Pollinators are critical for both agriculture and natural ecosystems, but there have been dramatic declines in pollinator populations world-wide. Pollinator decline not only has alarmed the scientific community, but has gained prominence in the popular press, raising the public's awareness about threats to our ecosystem. The causes for pollinator decline are complex, and it is thought that a combination of many stressors is responsible, including pests, pathogens, environmental contaminants, habitat destruction and climate change. Furthermore, many of these stressors cause sublethal effects, and thus elucidating the impacts of these stressors requires a detailed understanding of the behavior, cognitive processes, and natural history of these diverse species. Addressing these issues will require multidisciplinary research approaches (including the use of newly developed genomic tools and resources), the development of novel management and conservation practices, a strong commitment to disseminate the results of these studies to the public, stakeholder groups, the scientific community, and policy makers, and above all, cooperative efforts that span the globe. The 17th Congress of the International Union for the Study of Social Insects (IUSSI), which will be held in Cairns, Australia from July 13-18, 2014, provides an outstanding opportunity for the global community of pollinator researchers to share and synthesize information and develop new collaborations. With the myriad research topics being covered that relate directly to pollinator biology, the 2014 Congress will provide a broad perspective on the effects of different biotic and abiotic stressors on pollinators at multiple levels - from the genome to the ecosystem - and will foster the integrative, multidisciplinary approach needed to effectively address pollinator declines across the international scientific community. Providing support for young U.S. scientists (undergraduates, graduate students and postdoctoral fellows) to attend the conference to share their results, learn from leaders in the field, and develop collaborations with their international colleagues will greatly enhance and expand the ongoing research projects examining pollinator health and decline in the U.S. and globally. Support from the USDA, coupled with matching funds from IUSSI, will allow 10 outstanding applicants to be selected based on their diverse perspectives, backgrounds, and model systems and their potential to make a significant and lasting impact on global pollinator conservation.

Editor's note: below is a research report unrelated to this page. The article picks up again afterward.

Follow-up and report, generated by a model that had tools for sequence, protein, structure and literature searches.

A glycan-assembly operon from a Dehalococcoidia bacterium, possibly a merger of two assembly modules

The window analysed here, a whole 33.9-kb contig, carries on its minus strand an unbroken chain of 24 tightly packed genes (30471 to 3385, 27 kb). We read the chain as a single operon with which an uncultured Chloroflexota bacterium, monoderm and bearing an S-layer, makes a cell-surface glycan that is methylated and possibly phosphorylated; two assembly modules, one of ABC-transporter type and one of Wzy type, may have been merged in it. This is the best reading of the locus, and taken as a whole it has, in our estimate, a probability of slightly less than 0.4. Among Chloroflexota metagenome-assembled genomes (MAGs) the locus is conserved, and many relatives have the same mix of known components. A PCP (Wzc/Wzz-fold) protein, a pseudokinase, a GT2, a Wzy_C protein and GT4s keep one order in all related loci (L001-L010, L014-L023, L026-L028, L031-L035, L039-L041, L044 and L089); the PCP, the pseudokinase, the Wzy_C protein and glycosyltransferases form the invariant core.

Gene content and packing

|Effective start/end date||6/15/14 → 6/14/15|
- National Institute of Food and Agriculture: $10,000.00